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The first synthetic complex with a [FeIV2(μ-O)2] diamond core

Recent research from the group of Professor Lawrence Que.

In a paper that appears in the December 26, 2007 issue of Proceedings of the National Academy of Sciences USA (Proc. Natl. Acad. Sci. USA 2007, 104, 20713-20718), Prof. Larry Que, postdoctoral associate Genqiang Xue, and coworkers report the characterization of the first example of a synthetic diiron(IV) complex with an [Fe2(μ-O)2] diamond core. This synthetic precedent lends credence to the postulation of such a core structure for intermediate Q, the key species responsible for the hydroxylation of methane in the catalytic cycle of soluble methane monooxygenase (MMO) [1]. The first crystal structure of an iron(IV)-oxo complex was reported only in 2003 [2], and the title complex may be considered as a head-to-tail dimer of such complexes.

To achieve this goal, Dr. Xue and graduate student Dong Wang performed low temperature bulk electrolysis on [FeIIIFeIV(μ-O)2(L)2]3+ (1), a complex previously characterized crystallographically to have the [Fe2(μ-O)2] diamond core structure but with an iron(III)iron(IV) oxidation state [3]. One-electron oxidation of 1 at 0.9 V vs ferrocene resulted in the near-quantitative formation of new complex 2, as determined by coulometry. Figure 1 shows the conversion of 1 to 2 as followed by spectroelectrochemistry with the appearance of at least two isosbestic points. Further characterization of 2 established the presence of the [FeIV2(μ-O)2] diamond core, specifically by the use of Mössbauer spectroscopy (by graduate student Raymond De Hont and Prof. Eckard Münck of Carnegie Mellon University), resonance Raman spectroscopy (by Drs. Xue and Xiaopeng Shan) and EXAFS analysis (by Dr. Adam Fiedler).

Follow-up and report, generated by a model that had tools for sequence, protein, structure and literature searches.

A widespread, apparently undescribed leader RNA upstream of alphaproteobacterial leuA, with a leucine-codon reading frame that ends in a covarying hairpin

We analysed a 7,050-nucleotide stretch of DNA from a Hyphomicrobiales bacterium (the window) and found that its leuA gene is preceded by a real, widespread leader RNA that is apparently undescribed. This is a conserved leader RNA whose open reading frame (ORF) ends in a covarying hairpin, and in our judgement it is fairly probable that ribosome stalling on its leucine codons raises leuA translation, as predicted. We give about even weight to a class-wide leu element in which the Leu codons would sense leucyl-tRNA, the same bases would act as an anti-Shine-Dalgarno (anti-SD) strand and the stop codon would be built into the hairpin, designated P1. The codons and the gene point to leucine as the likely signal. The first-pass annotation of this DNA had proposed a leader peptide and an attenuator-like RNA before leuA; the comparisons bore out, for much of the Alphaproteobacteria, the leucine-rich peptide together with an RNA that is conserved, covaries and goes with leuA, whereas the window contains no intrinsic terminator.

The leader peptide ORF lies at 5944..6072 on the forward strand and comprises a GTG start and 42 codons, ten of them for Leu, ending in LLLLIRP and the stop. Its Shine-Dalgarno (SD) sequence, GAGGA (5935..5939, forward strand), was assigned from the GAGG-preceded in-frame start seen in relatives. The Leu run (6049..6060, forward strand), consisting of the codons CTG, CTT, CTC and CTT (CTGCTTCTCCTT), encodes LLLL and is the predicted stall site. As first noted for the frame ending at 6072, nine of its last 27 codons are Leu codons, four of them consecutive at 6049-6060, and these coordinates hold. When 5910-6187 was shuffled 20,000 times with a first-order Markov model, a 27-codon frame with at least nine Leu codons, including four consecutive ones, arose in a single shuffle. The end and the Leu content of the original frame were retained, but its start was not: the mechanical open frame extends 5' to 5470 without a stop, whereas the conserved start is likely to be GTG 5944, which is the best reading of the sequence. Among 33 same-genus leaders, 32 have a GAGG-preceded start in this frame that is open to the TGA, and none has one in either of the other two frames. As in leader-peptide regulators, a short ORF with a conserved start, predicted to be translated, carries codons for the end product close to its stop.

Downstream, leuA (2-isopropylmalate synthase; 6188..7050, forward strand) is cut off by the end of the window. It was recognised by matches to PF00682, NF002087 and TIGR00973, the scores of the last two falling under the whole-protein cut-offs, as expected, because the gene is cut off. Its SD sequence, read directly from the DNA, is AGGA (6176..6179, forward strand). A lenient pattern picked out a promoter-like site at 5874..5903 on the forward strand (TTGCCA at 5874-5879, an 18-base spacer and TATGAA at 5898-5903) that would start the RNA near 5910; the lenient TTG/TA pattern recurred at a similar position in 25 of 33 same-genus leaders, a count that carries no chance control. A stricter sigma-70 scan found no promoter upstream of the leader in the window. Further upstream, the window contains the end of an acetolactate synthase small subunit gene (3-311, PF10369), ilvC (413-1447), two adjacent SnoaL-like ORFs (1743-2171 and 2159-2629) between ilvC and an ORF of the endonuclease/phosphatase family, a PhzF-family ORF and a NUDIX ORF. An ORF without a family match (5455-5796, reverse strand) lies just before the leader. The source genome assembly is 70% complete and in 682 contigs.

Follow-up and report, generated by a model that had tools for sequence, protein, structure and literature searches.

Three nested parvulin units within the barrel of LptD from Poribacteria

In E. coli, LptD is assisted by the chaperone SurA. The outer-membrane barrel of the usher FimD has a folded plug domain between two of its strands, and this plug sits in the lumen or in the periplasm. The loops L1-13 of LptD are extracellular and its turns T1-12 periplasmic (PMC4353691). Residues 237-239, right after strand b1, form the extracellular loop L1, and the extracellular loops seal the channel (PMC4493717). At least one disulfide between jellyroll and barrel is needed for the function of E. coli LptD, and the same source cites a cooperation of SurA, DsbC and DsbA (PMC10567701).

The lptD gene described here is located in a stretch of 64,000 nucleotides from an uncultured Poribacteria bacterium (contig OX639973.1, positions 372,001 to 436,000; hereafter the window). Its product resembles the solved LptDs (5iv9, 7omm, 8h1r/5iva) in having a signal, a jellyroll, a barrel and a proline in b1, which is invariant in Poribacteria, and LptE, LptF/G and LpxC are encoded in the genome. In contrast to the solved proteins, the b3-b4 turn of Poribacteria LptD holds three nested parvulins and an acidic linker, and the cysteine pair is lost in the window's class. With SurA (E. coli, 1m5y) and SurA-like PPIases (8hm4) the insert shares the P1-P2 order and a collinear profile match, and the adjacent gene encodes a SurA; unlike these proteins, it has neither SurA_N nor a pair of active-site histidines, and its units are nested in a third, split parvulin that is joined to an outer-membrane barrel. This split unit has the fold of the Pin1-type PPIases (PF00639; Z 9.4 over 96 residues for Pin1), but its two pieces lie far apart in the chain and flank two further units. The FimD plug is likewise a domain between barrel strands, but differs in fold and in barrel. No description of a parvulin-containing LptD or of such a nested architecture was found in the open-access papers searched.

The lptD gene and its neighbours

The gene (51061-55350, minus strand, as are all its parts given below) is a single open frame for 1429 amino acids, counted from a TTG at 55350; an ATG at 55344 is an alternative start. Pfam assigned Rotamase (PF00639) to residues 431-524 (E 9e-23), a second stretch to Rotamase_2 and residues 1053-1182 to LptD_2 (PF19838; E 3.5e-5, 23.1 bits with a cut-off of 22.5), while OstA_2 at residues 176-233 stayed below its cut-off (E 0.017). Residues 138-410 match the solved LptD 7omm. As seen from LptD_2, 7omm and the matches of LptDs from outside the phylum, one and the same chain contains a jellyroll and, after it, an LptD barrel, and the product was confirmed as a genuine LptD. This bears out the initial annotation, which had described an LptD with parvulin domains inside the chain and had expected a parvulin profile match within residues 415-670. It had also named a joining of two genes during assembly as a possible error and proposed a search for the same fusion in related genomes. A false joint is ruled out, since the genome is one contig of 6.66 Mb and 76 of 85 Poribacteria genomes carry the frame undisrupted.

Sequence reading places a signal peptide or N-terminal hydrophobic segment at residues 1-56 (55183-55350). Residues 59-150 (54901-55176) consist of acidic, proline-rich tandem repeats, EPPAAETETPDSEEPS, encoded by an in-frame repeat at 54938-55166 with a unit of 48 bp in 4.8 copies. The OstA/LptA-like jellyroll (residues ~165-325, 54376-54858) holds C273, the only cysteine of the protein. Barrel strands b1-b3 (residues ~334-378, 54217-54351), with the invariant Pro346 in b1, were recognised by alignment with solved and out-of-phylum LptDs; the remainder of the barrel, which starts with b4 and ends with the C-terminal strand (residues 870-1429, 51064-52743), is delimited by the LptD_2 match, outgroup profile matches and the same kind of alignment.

Figure 1. Electrochemical oxidation of an [FeIIIFeIV(μ-O)2]3+ precursor (green dashed line) to the [FeIVFeIV(μ-O)2]4+ complex (red solid line).

With the diiron(IV) complex in hand, we have an unprecedented opportunity to compare the reactivity properties of three different iron(IV)-oxo core units that are supported by the same ligand, namely [FeIIIFeIV(μ-O)2] (1), [FeIV2(μ-O)2] (2) and terminal FeIV=O (3) units. Kinetic results showed that the rates of hydrogen-atom abstraction increased in the order: 1 < 2 < 3, with 3 100-fold more reactive than 2. This surprising observation raises the possibility that the [FeIV2(μ-O)2] diamond core of Q may need to convert to a ring-opened form to break the strong C-H bond of methane.

[1] Shu, L., Nesheim, J. C., Kauffmann, K., Münck, E., Lipscomb, J. D., & Que, L., Jr. (1997) Science 275, 515-518.

[2] Rohde, J.-U., In, J.-H., Lim, M. H., Brennessel, W. W., Bukowski, M. R., Stubna, A., Münck, E., Nam, W., & Que, L., Jr. (2003) Science 299, 1037-1039.

[3] Hsu, H.-F., Dong, Y., Shu, L., Young, V. G., Jr., & Que, L., Jr. (1999) J. Am. Chem. Soc. 121, 5230-5237.

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